Why should I plan ahead?
Planning ahead can help you receive the care you want, and can also help to make things easier for your partner and family when you are nearing the end of life.
Some things, such as telling people you love them or making a "memory box" for someone to remember you by, could help your family and friends in their bereavement after you die, but you do not have to do any of these things if you do not want to.
Helping your loved ones
You may sometimes think about what will happen if you become seriously ill or disabled. Would your partner or family know about the kind of care you would like to receive, or where you would like to die? Would they know if you would want to be admitted to hospital, resuscitated (helped to start breathing again, if you stop) or if you want to refuse any kinds of treatment?
These might not be easy topics to think about but, by discussing your wishes with your family, you could be saving them from having to help doctors make difficult decisions later on without knowing what you would have wanted.
If your partner or relatives know, for example, that you do not want to be resuscitated and this has been documented in advance, it can help them understand this and make sure doctors and other health professionals looking after you know this too. They will all know they are helping you to get what you want or not have treatment you do not want.
How can I plan ahead?
There is no set way of planning ahead, but there are some useful steps you can take. It may help to read the Planning for your future care (PDF, 292kb) booklet produced by the National Council for Palliative Care.
You could also think about:
- starting the conversation with your partner, family, carers and health professionals
- exploring your options, such as where you can choose to be cared for – this will probably involve talking with health professionals and other experts, especially if you have any particular questions or worries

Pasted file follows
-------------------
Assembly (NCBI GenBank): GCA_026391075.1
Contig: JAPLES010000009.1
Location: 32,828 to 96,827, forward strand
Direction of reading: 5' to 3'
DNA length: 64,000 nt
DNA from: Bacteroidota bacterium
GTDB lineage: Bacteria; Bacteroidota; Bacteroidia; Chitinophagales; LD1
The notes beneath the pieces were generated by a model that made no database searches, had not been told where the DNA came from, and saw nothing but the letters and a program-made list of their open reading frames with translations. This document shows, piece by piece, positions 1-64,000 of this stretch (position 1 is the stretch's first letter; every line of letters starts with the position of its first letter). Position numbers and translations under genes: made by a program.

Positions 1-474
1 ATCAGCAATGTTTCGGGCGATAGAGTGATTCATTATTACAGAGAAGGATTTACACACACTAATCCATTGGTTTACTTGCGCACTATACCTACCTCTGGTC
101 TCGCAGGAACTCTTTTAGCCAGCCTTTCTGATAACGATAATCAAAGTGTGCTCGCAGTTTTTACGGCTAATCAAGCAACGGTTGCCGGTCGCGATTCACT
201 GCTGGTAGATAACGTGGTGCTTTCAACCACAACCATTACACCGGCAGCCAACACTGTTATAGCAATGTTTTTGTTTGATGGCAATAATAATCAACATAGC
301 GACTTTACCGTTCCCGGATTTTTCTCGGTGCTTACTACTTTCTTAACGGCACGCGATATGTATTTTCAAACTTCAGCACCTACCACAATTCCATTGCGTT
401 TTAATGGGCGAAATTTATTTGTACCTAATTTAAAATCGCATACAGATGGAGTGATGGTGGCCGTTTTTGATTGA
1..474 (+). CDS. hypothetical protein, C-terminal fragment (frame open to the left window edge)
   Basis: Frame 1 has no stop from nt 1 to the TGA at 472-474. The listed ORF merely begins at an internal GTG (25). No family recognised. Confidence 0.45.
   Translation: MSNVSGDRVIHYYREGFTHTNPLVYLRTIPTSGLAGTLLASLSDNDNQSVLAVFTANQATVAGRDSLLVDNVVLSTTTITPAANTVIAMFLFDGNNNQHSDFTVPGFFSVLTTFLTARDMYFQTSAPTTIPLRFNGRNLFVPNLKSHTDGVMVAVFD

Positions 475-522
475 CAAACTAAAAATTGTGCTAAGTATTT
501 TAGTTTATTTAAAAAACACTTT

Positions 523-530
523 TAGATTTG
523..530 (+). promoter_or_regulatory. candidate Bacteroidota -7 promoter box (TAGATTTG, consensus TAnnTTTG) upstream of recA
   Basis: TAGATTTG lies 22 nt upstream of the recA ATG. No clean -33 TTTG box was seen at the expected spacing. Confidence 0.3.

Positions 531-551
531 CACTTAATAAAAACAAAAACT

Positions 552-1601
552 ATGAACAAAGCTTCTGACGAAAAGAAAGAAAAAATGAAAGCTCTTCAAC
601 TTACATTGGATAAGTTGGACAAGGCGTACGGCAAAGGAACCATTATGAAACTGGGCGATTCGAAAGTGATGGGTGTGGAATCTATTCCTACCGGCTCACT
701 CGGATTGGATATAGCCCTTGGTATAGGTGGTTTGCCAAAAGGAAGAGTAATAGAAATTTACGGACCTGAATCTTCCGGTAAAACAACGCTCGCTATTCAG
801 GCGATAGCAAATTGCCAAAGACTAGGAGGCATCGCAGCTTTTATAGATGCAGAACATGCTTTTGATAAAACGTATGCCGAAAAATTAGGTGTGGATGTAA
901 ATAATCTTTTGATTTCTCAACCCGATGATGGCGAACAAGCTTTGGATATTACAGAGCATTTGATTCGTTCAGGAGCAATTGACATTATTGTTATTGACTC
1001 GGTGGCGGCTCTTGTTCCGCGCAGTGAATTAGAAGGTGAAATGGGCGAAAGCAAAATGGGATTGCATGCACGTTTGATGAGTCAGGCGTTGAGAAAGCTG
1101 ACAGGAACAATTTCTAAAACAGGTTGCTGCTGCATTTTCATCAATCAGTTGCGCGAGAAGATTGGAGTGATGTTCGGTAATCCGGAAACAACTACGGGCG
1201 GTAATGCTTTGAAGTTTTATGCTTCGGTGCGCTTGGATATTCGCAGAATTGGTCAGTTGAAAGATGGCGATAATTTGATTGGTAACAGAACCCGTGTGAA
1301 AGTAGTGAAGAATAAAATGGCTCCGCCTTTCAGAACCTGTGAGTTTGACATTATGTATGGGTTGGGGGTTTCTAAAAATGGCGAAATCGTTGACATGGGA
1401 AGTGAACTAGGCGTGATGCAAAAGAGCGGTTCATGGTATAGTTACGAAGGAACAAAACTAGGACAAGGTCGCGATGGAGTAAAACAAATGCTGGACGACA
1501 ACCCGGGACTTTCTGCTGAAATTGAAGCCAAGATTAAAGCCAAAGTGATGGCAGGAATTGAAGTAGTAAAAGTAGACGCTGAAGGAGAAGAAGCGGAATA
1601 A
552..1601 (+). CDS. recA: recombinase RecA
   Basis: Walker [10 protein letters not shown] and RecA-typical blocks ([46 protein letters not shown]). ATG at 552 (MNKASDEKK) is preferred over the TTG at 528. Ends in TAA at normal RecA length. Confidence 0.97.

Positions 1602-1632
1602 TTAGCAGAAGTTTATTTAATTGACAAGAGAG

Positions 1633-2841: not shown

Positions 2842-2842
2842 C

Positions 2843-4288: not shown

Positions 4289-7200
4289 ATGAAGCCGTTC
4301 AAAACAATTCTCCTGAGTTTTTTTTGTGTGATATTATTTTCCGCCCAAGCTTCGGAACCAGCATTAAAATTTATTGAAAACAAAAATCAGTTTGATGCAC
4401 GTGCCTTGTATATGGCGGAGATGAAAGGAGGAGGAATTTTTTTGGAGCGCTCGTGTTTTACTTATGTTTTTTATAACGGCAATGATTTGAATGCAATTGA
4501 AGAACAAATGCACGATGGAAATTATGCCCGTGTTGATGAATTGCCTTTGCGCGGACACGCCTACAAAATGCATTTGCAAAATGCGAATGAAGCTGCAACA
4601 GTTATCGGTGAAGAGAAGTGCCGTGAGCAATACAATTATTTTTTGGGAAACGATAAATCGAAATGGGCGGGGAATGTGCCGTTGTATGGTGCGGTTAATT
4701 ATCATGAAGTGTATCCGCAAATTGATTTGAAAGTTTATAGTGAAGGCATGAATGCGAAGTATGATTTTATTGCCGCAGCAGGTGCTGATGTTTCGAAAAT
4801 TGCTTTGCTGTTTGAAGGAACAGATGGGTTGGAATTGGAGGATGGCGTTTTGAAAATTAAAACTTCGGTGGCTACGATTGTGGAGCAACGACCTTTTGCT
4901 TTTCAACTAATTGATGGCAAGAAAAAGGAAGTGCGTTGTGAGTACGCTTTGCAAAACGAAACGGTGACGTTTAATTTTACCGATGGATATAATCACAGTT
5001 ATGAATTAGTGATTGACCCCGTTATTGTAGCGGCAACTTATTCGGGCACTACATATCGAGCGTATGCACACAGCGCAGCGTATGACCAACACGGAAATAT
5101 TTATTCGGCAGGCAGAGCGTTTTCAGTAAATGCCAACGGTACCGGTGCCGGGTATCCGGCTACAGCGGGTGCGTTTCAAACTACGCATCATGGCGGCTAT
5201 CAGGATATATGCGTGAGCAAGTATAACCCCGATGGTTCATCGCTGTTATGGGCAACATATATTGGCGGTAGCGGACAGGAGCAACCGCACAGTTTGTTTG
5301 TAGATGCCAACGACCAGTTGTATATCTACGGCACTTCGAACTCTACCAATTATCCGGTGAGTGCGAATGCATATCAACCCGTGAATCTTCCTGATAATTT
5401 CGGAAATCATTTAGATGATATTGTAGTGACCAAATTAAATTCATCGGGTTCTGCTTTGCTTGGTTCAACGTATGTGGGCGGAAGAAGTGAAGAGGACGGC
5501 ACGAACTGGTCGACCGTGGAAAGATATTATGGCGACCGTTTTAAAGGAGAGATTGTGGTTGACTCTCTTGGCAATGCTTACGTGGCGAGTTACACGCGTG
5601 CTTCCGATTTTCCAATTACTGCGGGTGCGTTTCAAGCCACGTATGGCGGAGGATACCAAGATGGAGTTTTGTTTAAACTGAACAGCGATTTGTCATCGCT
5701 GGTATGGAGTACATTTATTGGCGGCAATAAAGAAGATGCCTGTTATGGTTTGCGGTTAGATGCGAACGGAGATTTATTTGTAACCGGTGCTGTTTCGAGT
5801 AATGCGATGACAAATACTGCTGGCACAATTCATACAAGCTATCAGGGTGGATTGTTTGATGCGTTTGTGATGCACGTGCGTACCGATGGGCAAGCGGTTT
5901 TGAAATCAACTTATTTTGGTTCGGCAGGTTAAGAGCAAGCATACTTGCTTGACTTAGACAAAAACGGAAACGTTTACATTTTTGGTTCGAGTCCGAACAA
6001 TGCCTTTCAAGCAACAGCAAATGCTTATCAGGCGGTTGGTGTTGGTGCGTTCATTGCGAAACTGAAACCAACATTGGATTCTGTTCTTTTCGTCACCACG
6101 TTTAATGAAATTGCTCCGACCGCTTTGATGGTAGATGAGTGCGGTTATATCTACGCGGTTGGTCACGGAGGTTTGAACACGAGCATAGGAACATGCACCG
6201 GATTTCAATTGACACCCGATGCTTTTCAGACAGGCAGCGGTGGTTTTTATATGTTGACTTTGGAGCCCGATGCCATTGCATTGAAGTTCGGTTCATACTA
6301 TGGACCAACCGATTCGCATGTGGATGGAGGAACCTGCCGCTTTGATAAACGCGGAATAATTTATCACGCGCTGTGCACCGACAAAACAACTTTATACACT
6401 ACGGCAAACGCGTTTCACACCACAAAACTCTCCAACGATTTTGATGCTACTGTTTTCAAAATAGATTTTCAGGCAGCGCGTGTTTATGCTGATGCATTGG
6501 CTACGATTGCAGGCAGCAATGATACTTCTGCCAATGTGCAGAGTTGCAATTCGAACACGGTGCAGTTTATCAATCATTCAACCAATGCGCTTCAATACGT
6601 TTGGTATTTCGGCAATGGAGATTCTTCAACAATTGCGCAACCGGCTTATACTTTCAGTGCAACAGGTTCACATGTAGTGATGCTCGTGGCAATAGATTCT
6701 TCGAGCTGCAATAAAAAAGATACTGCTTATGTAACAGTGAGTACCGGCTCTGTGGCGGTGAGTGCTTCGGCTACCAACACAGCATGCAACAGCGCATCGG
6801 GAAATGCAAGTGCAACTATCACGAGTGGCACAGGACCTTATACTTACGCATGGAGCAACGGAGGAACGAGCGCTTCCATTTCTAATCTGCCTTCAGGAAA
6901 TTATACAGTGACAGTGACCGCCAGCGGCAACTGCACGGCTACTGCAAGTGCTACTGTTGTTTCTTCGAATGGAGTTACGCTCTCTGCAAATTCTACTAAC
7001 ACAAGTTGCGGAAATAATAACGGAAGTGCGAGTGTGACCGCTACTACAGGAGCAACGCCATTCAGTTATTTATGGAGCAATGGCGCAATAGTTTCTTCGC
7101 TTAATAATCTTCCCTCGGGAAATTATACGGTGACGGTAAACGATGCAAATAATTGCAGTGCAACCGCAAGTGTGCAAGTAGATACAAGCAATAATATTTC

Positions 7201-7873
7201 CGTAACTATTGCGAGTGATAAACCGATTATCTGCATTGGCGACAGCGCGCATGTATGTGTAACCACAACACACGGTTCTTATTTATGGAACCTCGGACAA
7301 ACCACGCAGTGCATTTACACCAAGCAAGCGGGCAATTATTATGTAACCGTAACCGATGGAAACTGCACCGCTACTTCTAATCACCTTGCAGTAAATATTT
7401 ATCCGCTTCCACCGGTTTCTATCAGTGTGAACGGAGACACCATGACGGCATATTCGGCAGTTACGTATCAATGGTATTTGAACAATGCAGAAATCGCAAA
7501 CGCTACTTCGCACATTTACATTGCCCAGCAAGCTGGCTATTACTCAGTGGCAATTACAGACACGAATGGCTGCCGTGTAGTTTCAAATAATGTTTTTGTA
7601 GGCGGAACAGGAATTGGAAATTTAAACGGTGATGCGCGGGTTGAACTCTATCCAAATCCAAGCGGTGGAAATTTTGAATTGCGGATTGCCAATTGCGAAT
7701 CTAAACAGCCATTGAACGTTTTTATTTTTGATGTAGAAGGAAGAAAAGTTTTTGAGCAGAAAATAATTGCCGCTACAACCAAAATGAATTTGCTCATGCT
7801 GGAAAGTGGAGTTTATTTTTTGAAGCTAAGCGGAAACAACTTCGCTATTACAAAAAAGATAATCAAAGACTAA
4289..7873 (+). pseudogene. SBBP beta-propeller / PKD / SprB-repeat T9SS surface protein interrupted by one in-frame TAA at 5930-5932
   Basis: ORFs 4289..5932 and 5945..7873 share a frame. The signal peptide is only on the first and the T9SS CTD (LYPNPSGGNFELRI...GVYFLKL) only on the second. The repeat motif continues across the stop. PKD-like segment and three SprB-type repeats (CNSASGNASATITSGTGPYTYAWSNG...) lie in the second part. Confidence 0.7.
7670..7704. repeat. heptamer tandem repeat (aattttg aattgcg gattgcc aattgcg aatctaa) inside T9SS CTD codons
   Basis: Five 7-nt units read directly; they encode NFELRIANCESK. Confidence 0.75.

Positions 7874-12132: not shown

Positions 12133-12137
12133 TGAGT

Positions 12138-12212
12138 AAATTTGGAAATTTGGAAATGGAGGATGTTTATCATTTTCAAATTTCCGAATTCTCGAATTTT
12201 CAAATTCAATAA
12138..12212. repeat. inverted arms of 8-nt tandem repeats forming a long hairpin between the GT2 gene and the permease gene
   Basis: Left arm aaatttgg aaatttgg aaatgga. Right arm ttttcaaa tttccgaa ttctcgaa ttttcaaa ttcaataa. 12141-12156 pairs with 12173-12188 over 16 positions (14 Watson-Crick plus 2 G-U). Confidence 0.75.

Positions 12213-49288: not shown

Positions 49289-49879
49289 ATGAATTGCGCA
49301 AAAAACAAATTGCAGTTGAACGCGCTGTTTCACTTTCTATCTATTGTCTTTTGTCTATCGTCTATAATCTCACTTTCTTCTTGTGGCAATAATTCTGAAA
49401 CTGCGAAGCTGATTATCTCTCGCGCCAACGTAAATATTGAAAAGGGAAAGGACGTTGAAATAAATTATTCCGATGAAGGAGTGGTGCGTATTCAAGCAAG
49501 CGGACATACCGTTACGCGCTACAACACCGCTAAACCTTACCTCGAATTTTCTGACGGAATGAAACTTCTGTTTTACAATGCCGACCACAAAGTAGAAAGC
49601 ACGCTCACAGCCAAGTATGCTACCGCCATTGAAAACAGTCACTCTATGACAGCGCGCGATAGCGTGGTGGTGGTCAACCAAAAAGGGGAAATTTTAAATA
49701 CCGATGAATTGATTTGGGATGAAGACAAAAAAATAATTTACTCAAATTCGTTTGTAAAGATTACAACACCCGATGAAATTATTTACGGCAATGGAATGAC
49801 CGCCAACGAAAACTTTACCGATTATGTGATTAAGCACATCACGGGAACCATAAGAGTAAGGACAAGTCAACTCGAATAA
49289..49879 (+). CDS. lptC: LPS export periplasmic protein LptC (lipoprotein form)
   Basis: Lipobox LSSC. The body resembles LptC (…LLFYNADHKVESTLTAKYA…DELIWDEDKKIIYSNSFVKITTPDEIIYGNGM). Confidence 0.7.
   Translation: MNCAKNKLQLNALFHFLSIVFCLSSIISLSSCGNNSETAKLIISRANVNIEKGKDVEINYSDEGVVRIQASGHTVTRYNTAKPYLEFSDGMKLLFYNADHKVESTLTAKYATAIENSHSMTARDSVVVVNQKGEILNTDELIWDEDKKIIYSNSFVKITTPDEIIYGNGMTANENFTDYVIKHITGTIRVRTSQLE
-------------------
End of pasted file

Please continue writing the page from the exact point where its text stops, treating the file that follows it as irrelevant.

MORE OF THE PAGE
- thinking about what your wishes and preferences are
- refusing specific treatment, if you want to, using a legal document called an advance decision to refuse treatment
- legally appointing someone, called lasting power of attorney, to make decisions for you in case you are not able to do so yourself in the future
- letting people know your wishes through talking or writing them down, or both
Writing down your wishes and preferences is called a care plan or advance care plan. For an example of a care plan, see the Preferred Priorities for Care booklet (PDF, 63kb).
Emotional and practical issues
As well as thinking about your future care, there are emotional and practical issues you might want to consider, such as:
- any questions or worries you have about illness and dying that you would like to discuss
- how you would like your funeral to be
- making memory boxes, books or videos for your family and friends
- legal and financial matters, such as making a will or planning for the care of anyone who relies on you, such as your children
You might already have strong feelings about these topics, or may want to think them over or discuss them with your partner or family. Find ideas on how to start talking about death and dying.
The Dying Matters website has a 15-minute film of Dr Kate Granger talking about her experience of living with terminal cancer and planning ahead for her care. Dr Granger died in 2016.
healthtalk.org has videos and written interviews of people talking about planning for the future.